Dr. Michael Waters' research featured in National GeographicDr. Michael Waters' research at the Debra L. Friedkin site in Texas was featured in an article concerning the First Americans in the January 2015 edition of National Geographic. In the article, Waters also provides commentary on the Anzick and Hoyo Negro sites. See the full article online!
A major in anthropology requires 31 hours of anthropology courses. Of this total, 12 hours must be in residence and 12 hours must be in upper division courses. A grade of "C" or higher is required for a course to count in the major. Anthropology majors may select a minor field of study by completing 15-18 hours of courses in another department or program with a grade of "C" or higher. University Core Curriculum requirements must be satisfied with courses other than those offered in anthropology.
This curriculum overview is not to replace the degree plan given in a student's Undergraduate Catalog. Student's are to meet the requirements for the Anthropology curriculum given in their respective catalog in order to earn a BA in Anthropology
Anthropology Department Requirements Major Field of Study (31 Hours required)
ANTH 202 - Introduction to Archaeology
ANTH 210 - Social and Cultural Anthropology
ANTH 225 - Physical Anthropology
ANTH 410 - Anthropological Theory
ANTH 415 - Anthropological Writing
Anthropology Elective - Cultural
Anthropology Elective - Archaeology
Anthropology Elective - Biological
Anthropology Elective - Other
Any 200-400 Level Anthropology course, at least one must be upper level (300-400).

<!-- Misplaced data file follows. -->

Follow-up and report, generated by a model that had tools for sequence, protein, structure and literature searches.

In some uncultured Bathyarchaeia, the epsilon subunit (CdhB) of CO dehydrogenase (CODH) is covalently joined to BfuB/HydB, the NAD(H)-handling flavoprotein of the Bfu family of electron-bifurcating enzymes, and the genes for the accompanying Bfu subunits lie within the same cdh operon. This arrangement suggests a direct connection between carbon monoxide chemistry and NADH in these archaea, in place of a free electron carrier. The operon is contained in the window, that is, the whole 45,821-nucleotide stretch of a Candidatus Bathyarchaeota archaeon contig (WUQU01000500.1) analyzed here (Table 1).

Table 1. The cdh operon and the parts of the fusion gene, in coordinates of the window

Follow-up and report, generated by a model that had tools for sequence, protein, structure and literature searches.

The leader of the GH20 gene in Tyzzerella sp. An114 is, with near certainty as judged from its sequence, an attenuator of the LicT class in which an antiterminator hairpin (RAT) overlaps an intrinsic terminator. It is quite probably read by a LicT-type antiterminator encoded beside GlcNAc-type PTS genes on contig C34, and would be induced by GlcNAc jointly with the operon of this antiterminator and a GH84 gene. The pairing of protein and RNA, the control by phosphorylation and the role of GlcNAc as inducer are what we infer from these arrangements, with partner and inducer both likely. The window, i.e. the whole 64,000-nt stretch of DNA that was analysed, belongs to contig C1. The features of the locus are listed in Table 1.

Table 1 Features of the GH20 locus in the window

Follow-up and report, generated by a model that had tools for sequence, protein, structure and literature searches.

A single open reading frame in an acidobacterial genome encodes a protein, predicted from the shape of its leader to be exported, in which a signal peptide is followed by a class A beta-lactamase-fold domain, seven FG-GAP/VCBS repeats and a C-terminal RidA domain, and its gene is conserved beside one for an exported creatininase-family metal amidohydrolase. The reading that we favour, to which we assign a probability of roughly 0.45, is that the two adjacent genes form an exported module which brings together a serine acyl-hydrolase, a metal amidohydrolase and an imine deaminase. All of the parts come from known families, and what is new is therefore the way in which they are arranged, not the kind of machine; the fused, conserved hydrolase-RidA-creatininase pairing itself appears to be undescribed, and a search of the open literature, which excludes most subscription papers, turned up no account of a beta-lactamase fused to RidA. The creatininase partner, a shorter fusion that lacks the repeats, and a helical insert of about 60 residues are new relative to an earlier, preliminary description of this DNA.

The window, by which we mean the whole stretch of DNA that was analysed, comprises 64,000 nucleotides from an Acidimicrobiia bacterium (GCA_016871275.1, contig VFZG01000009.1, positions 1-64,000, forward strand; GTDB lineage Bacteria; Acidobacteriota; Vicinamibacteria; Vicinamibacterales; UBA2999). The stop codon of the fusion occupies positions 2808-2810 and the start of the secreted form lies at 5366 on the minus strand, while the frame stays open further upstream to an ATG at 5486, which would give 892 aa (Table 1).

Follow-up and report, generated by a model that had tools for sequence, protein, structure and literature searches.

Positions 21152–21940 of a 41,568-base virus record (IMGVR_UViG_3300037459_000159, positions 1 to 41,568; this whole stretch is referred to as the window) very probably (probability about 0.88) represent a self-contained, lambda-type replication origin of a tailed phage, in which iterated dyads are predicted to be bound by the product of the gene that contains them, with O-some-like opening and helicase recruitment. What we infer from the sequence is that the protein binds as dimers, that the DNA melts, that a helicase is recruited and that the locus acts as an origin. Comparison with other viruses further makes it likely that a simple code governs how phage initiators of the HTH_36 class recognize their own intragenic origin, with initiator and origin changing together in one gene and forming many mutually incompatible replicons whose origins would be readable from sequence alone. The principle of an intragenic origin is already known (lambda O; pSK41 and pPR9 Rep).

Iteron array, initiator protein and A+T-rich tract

ENGL 104 - Composition and Rhetoric
Literature Requirement (1 of 2)
Literature Requirement (2 of 2)
Political Science requirements
POLS 206 - American National Government
Political Science requirements
POLS 207 - State and Local Government
American History requirement
Any U.S. History course, but no more than 3 hours in Texas history
Beginning in 2012-13 academic year, there will be two minor changes to the B.A. in Anthropology degree:
Rather than the strict requirement to complete ANTH 410, anthropology majors will have the option of completing EITHER ANTH 410 (Anthropological Theory) OR ANTH 412 (Archaeological Theory).
Rather than the strict requirement to complete ANTH 415 (Anthropological Writing), anthropology majors will have the option of completing ANY TWO writing-intensive courses offered by the Department of Anthropology.
B.A. in Anthropology (with Archaeology Track)
Beginning in 2012-13 academic year, students may opt to complete an “Archaeology Track” as part of their B.A. in Anthropology. The completion of this track will be acknowledged on student transcripts, but not on student diplomas.
These are the requirements for students completing the new archaeology track: Core courses in each subfield. Students are required to take lower-level coursework in each of the three subfields: ANTH 202, ANTH 210, and ANTH 225). One additional core course. Students are required to take one additional core course in nautical archaeology: ANTH 316 – Nautical Archaeology. Theory course. Students are required to take ANTH 412 – Archaeological Theory. (ANTH 410 is not an option.) Upper-level electives in archaeology. Students are required to complete 9 hours of upper-level electives in archaeology. There are 23 courses that can be used to meet this requirement (including 6 new courses under review). Fieldwork or Laboratory Experience in Archaeology. Students are required to have a credit-bearing fieldwork experience, for a minimum of 3 hours of credit. Students may either register for field school course (ANTH 330 – Field Research in Anthropology), or gather data for a research project they complete as a directed studies course (ANTH 485 – Directed Studies). Students who choose the latter option must get instructor’s approval prior to leaving for the field. A final alternative is for a student to develop an independent research project using artifacts and data housed within the department (using either ANTH 485 – Directed Studies or ANTH 491 – Research). Free elective. Students are required to take one additional course in anthropology (any subfield).